Microsoft’s investment in OpenAI faces initial review from UK CMA



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The U.K.’s competition watchdog has opened an initial review into Microsoft’s mammoth investment into ChatGPT creator OpenAI, making it the first major regulator to flag potential competition concerns over the tech giant’s relationship with one of the most important artificial intelligence companies today.

The Competition and Markets Authority said in a statement Friday that it is seeking views from interested parties to address whether Microsoft’s $10 billion investment in OpenAI has led to a “relevant merger situation,” where two or more businesses have ceased or will cease to be distinct as a result of a transaction.

The CMA said the pace at which AI is scaling is “unrivalled in economic history,” and that advances in so-called foundation models, which describe general purpose AI tools such as ChatGPT, represent a “pivotal moment in the development of this transformative technology.”

The regulator said it will review whether Microsoft’s partnership with OpenAI has resulted in an acquisition of control – in other words, a situation where one company has material influence, de facto control, or more than 50% of the voting rights over another entity.

“The invitation to comment is the first part of the CMA’s information gathering process and comes in advance of launching any phase 1 investigation, which would only happen once the CMA has received the information it needs from the partnership parties,” Sorcha O’Carroll, senior director for mergers at the CMA, said in a statement.

Sam Altman’s exit — and return

The CMA is likely to have paid close attention to OpenAI CEO Sam Altman’s ouster from the board of the company he co-founded last month.

Altman was fired from OpenAI in a shock move from one of the companies at the heart of 2023’s boom in artificial intelligence.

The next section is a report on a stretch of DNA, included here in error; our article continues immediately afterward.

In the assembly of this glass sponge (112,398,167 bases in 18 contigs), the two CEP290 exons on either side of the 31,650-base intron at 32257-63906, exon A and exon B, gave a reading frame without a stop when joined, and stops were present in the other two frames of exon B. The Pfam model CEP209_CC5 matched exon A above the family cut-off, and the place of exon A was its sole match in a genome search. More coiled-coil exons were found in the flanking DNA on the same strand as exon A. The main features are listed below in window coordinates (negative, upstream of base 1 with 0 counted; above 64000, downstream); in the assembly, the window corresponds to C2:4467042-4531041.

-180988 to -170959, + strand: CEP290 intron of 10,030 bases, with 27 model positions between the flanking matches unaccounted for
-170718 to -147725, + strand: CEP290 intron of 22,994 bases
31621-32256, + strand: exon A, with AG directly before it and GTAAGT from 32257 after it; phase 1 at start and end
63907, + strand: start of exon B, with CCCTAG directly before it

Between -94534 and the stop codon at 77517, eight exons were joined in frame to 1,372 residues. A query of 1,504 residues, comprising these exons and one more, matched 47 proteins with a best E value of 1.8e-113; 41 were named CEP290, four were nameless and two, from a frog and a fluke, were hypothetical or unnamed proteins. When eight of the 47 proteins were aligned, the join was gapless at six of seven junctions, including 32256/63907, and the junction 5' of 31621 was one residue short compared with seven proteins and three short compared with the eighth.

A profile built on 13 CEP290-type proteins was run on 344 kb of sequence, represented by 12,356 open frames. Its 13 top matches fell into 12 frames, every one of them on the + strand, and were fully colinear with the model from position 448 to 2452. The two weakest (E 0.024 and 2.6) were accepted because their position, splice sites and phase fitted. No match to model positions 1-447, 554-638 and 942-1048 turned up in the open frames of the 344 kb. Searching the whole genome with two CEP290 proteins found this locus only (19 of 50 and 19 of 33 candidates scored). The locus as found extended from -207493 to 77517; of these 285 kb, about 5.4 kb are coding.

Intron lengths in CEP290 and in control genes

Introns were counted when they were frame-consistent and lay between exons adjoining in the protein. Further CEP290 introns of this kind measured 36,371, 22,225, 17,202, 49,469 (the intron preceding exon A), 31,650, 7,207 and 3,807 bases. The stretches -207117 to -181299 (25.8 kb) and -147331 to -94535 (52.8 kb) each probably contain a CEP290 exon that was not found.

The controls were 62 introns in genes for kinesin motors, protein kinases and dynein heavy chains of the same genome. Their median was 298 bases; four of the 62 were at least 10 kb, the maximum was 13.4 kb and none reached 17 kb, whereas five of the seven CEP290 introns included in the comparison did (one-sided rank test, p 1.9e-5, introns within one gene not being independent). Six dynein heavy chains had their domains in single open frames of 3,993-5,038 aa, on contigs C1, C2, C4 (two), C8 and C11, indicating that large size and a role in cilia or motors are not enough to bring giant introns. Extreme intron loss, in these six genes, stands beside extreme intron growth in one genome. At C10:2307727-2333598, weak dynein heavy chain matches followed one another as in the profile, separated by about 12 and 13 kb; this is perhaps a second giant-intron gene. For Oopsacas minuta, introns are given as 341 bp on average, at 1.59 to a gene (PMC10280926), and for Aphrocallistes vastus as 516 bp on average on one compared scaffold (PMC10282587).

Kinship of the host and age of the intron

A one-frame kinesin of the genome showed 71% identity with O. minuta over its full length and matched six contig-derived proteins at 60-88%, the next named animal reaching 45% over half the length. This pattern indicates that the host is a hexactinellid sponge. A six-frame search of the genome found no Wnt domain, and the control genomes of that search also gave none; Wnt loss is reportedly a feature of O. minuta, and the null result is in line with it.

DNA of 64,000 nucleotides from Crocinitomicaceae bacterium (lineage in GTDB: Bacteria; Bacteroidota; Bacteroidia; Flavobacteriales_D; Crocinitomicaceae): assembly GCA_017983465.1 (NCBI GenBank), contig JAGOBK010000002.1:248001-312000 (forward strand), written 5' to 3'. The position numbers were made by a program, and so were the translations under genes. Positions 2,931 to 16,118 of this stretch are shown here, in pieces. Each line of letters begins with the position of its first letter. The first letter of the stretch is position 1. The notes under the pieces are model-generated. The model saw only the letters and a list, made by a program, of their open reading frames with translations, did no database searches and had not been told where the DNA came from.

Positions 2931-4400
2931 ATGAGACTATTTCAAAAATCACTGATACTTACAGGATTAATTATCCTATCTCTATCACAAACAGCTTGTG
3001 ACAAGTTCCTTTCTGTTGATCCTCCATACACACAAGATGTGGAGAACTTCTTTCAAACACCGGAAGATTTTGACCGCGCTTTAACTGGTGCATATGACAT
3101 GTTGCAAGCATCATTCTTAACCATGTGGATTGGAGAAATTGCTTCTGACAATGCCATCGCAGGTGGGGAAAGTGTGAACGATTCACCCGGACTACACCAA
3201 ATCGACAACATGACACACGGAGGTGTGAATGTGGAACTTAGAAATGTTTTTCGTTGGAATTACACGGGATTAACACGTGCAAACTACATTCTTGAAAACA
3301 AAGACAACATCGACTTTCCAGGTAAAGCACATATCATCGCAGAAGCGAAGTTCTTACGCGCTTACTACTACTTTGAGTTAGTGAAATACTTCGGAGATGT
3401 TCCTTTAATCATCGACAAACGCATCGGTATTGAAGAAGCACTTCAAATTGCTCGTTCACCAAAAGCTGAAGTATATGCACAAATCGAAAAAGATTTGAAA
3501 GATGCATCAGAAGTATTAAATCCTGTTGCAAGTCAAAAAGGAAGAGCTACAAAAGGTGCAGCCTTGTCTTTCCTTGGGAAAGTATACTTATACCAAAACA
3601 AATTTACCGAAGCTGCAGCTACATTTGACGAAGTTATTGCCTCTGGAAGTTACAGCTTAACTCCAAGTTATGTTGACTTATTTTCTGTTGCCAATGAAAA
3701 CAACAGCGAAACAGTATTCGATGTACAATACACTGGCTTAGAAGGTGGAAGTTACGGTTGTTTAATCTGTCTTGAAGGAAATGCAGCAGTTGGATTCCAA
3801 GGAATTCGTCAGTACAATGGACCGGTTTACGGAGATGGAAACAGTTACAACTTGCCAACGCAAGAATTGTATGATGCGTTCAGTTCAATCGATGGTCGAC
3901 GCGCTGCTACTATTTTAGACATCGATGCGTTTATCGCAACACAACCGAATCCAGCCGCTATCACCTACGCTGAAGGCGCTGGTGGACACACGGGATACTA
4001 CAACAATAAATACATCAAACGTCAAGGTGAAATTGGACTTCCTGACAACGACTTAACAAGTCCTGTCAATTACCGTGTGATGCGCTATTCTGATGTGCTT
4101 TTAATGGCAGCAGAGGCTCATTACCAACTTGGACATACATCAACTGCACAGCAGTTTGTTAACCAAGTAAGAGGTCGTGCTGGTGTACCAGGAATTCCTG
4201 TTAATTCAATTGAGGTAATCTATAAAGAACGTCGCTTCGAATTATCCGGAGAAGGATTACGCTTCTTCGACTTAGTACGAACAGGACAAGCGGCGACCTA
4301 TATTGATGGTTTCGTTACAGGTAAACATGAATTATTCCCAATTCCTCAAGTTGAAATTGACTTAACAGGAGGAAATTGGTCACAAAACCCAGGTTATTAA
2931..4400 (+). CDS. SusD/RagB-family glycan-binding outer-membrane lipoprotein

The OpenAI board at the time said it “no longer has confidence” in Altman’s ability to continue leading OpenAI. Microsoft, which has an extensive partnership in place with OpenAI, subsequently hired Altman to lead a new advanced AI research team.

The move resulted in OpenAI employees revolting and calling for Altman’s return. In a matter of days, Altman returned to OpenAI as CEO and Microsoft obtained a board seat as a non-voting member.

Microsoft’s appointed board representative can attend OpenAI board meetings and access confidential information. But they don’t have voting rights on matters including electing or choosing directors.

Microsoft President and Vice Chair Brad Smith, responding to the CMA’s statement, called out Google’s 2014 acquisition of British AI lab DeepMind, saying that Microsoft’s partnership with OpenAI is unlike that deal.

“Since 2019, we’ve forged a partnership with OpenAI that has fostered more AI innovation and competition, while preserving independence for both companies,” Microsoft’s Smith said in an emailed statement to CNBC Friday.

“The only thing that has changed is that Microsoft will now have a non-voting observer on OpenAI’s Board, which is very different from an acquisition such as Google’s purchase of DeepMind in the UK. We will work closely with the CMA to provide all the information it needs.”

OpenAI said that Microsoft’s non-voting board seat does not conflict with the company’s independence.

“Our partnership with Microsoft empowers us to pursue our research and develop safe and beneficial AI tools for everyone, while remaining independent and operating competitively,” the OpenAI spokesperson told CNBC via email.

“Their non-voting board observer does not provide them with governing authority or control over OpenAI’s operations.”

Separately, the CMA is reviewing the AI industry to assess what risks and opportunities foundation models present, and what principles need to be applied to the tech to prevent competition and consumer protection breaches.

The European Union is also expected to agree on landmark rules designed to regulate AI technology soon.

The regulation, which has been in the works for years, has been the subject of tense negotiations by EU institutions, with disagreements mainly lying over how to govern foundation models and biometric identification tools.


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